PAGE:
Orphan Train Rider

Orphan Train Rider
Oliver Nordmark - Age 15 - Esbon KS

Tuesday, February 9, 2010


A well-to-do Connecticut minister, Rev. Charles Loring Brace was born in Hartford in 1826. After completing his education, he felt a calling toward missionary work as opposed to church ministry. Brace did not believe in “survival of the fittest” but felt instead, that there was much society could do to improve the lives of the very poorest classes. After working in NYC’s Blackwell’s Island Prison, he was convinced that the adult poor were a hopeless cause and from that time forward, devoted his efforts to saving the children of poverty in the city.

Brace established the Children’s Aid Society in 1853. His first efforts included lodging houses for the thousands of newsboys who lived on the streets, as well as industrial schools, a farm school and even a summer home on Long Island. But his most ambitious endeavor, and the one for which he will forever be known, was “placing out."

Rev. Brace strongly believed that the best place for a child to grow up was in the home of a Christian farmer. With an idealized view of what life was like in the West, and the realization that the growing number of homeless children in the city would one day translate into a serious crime problem, Brace began his “placing out” program in 1854 with a group of boys traveling to Michigan. The effort was a success and began what would be a seventy-five year movement on the part of the Children’s Aid Society to save more than 100,000 urban children living in poverty.

Upon his death in 1890, Brace’s sons, Robert and Charles took over their father’s work through the Children’s Aid Society until their retirements in 1931 and 1927 respectively. The brothers established many new in-city programs to help the poor, including the foster home programs, but they continued to support their father’s work of relocation.

The Children’s Aid Society is still in operation today and still helping children both in urban and rural settings. They were instrumental in helping my father and his siblings during the Great Depression….but I’m getting ahead of myself!

Check back next week for the story of Sister Irene Fitzgibbon of the Sisters of Charity followed by an examination of just exactly HOW the placing out process worked……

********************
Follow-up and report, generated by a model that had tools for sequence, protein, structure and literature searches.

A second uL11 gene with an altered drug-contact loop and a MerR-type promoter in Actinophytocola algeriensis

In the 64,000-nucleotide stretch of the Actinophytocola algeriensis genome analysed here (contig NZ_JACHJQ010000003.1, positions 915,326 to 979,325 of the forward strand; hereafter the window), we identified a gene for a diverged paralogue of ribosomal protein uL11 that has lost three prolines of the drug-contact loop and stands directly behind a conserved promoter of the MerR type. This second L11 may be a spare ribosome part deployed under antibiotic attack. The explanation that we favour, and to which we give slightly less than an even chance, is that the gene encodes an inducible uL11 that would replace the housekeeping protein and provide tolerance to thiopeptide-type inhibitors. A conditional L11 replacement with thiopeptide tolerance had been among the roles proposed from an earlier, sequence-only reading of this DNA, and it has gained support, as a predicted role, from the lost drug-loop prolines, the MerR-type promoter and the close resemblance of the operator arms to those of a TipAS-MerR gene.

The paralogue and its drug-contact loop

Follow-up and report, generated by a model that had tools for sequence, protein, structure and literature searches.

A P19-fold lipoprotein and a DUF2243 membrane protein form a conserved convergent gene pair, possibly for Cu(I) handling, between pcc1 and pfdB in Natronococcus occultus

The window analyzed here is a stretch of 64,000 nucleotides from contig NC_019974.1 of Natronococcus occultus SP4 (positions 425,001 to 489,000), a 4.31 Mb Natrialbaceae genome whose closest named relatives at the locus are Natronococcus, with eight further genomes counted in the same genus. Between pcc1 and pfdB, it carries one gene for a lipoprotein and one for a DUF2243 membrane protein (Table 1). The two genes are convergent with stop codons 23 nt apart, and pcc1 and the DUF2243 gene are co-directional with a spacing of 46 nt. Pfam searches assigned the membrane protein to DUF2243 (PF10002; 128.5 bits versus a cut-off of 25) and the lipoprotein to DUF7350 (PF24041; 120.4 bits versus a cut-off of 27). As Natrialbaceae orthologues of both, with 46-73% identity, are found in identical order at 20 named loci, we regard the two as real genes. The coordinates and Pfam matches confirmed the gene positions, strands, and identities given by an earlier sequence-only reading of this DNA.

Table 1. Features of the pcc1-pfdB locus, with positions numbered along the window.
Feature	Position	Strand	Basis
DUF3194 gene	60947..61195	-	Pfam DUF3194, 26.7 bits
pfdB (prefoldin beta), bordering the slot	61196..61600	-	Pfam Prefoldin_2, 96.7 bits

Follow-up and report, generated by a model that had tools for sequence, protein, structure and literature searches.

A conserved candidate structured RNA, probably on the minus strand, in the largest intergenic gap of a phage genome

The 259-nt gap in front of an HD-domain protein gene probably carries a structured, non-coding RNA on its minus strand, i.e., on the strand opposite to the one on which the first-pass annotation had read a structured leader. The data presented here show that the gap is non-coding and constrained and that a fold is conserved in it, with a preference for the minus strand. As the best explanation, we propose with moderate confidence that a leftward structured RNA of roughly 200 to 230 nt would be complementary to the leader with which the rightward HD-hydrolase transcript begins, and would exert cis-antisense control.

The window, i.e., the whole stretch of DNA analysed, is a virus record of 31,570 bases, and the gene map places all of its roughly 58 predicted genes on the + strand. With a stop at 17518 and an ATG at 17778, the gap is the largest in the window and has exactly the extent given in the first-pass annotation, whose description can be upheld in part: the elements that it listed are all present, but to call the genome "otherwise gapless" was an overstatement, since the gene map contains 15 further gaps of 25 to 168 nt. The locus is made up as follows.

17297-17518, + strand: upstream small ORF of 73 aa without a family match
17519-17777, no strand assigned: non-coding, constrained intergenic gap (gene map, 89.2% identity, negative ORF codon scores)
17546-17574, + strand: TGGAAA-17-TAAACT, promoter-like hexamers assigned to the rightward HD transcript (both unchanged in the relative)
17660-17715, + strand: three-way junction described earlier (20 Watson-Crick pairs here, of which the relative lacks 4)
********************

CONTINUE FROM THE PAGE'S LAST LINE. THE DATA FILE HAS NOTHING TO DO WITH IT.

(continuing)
Yaya' s Changing World said...

You have a lot of information, here. I did not realize that the first group was all boys, nor that they were placed in Michigan. I do so enjoy reading about this movement and learn something new, each time I read. Thank you for sharing this information.

Yaya's Changing World

Dianne K. Salerni said...

I am guessing that Reverend Brace thought that life out west on the farms would be more pure and virtuous, huh? It's kind of the way we stereotype "small town goodness" and "family values." But unfortunately, people are people no matter where they are -- good and bad, whether in the city or on the farm. I guess it was the luck of the draw for the poor kids on the train.

Word Designer said...

Pretty-much the luck of the draw. But a good many of the children would have died, I think, if they had continued living on the streets.

Word Designer

Donna said...

Yes, it was pot luck, but at least a chance at a better life. Many went on to accomplish great things while others struggled throughout their lives. A good first effort..too bad we haven't progressed any further than we have with foster care :(

Anonymous said...

Yesterday I was reading our daily tabloid news back home when this particular article caught my attention... I felt so bless and my heart rejoice knowing that some how long time ago there are people giving what they can just to help not only the person(people) to improve their lives and future but also to help the government... how I wish and pray that the orphan train can reach also some third world country... More Blessing I pray for all the supporters and the management of the orphan train...